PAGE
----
A popular trend among businesses, particularly among large corporations, is a program to accelerate the brightest university graduates to leadership positions within the company. Beware the adoption of such a program without considering the pitfalls.
The Rest of the Story:
I’m not sure how the trend of Accelerated Leadership Programs, Accelerated Development Programs, Management Acceleration Programs, and all variety of other names, became such a trend among large businesses. Someone must have written a book that leaders have taken to heart, or perhaps the universities have inspired the program and encouraged businesses to adopt them.
I’ve witnessed several of these programs and experienced some of the challenge, personally, of trying to manage everyone’s expectations. My experience leads me to perceive that while the intentions of these programs are genuinely constructive, the challenges are many and the successes are few.
Generally, the programs work like this. A company or corporation will leverage its reputation at prominent universities to recruit the best and brightest graduates. The recruiting criteria vary, but the goal is to acquire the top of the graduating class. The lure for the graduates is the invitation to work within a prominent company and the promise of an accelerated path to a leadership position through a regimen of assignments designed to provide a broad exposure to various business operations.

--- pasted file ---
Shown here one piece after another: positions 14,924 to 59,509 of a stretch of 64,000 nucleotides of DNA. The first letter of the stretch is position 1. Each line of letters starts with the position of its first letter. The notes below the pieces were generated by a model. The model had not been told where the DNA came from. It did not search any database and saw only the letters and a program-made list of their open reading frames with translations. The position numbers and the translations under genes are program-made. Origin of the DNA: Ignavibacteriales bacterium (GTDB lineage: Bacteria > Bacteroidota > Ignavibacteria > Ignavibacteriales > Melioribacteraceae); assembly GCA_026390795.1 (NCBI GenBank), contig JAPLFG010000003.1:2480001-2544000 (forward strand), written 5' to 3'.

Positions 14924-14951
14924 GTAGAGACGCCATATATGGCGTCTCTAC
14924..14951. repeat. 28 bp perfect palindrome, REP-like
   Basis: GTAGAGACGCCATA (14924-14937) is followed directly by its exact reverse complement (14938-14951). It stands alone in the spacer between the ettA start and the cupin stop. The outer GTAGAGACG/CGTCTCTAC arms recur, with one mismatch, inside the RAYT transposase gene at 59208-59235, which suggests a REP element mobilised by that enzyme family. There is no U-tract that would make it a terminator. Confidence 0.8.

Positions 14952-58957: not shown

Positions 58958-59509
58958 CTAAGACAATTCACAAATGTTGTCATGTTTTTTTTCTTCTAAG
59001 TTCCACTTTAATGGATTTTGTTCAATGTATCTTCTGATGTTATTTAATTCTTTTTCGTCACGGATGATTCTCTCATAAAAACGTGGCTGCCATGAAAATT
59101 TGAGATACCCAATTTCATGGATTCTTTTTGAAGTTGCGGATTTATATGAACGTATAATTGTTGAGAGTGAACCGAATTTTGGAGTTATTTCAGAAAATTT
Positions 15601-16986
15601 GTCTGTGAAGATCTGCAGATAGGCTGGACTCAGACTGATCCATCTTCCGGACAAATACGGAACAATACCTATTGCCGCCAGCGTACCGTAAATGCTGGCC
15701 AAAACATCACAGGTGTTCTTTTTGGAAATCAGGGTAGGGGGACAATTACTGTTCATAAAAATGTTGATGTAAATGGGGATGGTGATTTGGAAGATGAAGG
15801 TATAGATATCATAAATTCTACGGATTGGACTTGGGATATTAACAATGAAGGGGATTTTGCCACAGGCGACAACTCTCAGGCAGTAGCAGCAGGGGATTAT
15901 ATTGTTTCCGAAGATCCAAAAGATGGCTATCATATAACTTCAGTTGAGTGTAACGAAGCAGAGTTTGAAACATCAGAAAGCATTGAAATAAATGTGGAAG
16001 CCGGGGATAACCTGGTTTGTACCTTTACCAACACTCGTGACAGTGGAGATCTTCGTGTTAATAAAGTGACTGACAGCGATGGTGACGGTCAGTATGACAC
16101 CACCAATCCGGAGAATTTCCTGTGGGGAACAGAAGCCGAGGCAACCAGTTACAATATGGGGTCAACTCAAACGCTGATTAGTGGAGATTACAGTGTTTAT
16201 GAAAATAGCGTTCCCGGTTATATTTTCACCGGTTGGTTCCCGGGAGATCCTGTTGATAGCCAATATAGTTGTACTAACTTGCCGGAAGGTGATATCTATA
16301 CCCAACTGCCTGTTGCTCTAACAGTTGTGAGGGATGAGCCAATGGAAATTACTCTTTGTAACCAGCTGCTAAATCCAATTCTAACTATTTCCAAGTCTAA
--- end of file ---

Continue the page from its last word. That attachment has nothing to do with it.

The company gets the top of the class from a highly respected school to fill its ranks and the recruit for the program is promised a structured path to prosperity and the fulfillment of his or her ambitions with considerably less left to chance. It’s a classic win-win set-up.
I’ll be first in line of promoters of the vision that a company is as good as its people, and that filling the ranks of the business with the best available talent is an important strategy. I also believe that those of us who work hardest in school should be sought after accordingly. The challenges with this win-win set-up are many, and often sensitive, and I’ve witnessed more failure and disappointment than wins.